"Some people could be angry, but I'm grateful for being in that environment and having that opportunity to play at that level in a game like that," said Holmes, who has a picture of the interception he caught in the game framed on his office desk. "Kids dream of playing Division I football, and I had an opportunity to play in the Sugar Bowl against Auburn. It doesn't get any better than that.

"And we were still undefeated. Nobody can ever take that away from us."

Edited by gr82be
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I read his book. Always liked him even when others criticized him. There were rumors at times I never confirmed. He just seemed like the kind of guy you would have liked to be a grandfather or uncle or fishing partner. 

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In 2010 my friend and I were walking from our car toward campus when we happened upon Coach Dye at Tiger Suites. He was there to sign his children’s book. A college student was setting up the table and Coach Dye was just sitting in a chair by himself. We went over and started talking to him about the games in the 80’s  when he coached. We reminisced for about 20 minutes just like old friends.  He was so nice and down to earth. Glad I have that personal memory of him!

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We gonna talk about the pants? I think he'd be okay if we talked about the pants. Pretty sure he agreed to have his picture taken for the story in the papers. Part of the legend and only makes me love him more. But I'll defer to one of you who knew him.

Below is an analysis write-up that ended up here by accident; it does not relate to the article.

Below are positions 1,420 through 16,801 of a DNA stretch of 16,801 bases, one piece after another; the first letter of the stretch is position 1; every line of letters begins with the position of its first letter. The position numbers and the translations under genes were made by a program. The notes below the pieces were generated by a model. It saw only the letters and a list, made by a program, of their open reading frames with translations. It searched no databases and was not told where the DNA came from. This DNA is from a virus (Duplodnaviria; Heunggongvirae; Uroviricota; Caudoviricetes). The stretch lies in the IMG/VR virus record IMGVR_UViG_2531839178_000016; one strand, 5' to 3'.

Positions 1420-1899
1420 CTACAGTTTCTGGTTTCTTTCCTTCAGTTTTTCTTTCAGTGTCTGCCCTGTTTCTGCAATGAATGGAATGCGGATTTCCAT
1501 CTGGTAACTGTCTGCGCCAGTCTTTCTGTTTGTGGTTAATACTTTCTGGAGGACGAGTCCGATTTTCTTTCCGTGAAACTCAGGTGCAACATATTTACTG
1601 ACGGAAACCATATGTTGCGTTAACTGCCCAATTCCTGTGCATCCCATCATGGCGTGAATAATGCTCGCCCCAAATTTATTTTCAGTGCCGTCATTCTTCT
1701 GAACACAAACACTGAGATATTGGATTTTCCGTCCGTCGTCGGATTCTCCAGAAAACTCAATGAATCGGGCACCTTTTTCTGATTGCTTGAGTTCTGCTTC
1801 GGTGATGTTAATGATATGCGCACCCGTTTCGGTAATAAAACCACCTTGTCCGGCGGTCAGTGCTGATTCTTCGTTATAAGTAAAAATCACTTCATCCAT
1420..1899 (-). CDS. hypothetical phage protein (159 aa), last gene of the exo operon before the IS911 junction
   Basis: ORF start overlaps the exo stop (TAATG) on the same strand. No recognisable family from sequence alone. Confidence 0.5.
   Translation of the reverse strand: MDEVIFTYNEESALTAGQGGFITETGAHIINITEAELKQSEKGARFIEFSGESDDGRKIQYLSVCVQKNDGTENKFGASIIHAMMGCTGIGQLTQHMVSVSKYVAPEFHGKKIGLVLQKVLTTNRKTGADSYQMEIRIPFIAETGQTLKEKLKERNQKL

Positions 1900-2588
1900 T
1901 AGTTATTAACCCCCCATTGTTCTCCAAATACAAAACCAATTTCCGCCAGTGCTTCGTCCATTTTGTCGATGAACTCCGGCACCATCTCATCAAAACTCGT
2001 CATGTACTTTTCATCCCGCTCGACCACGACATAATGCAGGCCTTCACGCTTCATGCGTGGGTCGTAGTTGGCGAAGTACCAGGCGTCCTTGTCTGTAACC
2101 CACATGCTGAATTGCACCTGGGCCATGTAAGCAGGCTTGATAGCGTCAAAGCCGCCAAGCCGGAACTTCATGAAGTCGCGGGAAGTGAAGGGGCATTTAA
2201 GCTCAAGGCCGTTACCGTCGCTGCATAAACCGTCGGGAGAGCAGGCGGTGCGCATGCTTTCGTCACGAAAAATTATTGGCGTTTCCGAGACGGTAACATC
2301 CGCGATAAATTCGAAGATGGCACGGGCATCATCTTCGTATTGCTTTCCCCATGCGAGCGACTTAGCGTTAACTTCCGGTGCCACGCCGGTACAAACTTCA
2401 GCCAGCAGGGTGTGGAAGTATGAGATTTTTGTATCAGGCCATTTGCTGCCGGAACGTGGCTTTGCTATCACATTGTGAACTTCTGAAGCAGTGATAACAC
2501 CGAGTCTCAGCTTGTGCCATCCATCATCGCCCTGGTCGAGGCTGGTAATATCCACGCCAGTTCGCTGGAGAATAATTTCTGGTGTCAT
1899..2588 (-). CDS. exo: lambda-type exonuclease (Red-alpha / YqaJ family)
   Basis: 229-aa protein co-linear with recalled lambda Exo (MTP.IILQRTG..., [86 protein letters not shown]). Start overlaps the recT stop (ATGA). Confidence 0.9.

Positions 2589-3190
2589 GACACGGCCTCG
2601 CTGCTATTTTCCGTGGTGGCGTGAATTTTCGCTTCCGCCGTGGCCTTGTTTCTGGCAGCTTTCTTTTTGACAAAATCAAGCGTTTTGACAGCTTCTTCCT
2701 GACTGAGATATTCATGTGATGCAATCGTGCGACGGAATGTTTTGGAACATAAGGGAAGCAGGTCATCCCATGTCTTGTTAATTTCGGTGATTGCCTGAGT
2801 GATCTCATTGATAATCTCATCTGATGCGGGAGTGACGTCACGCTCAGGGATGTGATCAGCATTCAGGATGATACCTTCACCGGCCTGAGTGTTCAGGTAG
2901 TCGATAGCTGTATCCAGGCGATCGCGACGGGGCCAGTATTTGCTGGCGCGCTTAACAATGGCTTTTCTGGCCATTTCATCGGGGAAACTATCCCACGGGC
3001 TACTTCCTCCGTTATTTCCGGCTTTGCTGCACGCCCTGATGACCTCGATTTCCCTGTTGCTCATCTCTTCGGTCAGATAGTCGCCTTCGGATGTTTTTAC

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back in the eighties dye and several coaches stopped in anniston at a local motel with a nice bar and the people lucky enough to be there said everyone had a ball. and people were shocked because there were some bama coaches with them. i believe they had been on a hunting trip somewhere. but i remember even bama fans were talking about how cool coach dye was so i would just about bet he was telling bear stories as well as auburn ones. in my heart i hope when they bury coach folks line the roads like they did for bear. that would be awesome................

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2 hours ago, McLoofus said:

We gonna talk about the pants? I think he'd be okay if we talked about the pants. Pretty sure he agreed to have his picture taken for the story in the papers. Part of the legend and only makes me love him more. But I'll defer to one of you who knew him. 

i never heard the full story of that. maybe someone will cough it up..............

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“It doesn’t make any difference who’s carrying the ball, it doesn’t make any difference who’s catching it, who’s rushing the passer, or who’s making the tackle...just as long as he’s got a blue jersey on."

I don't goosebump often but i did as I listened to this post game speech.

Edited by SumterAubie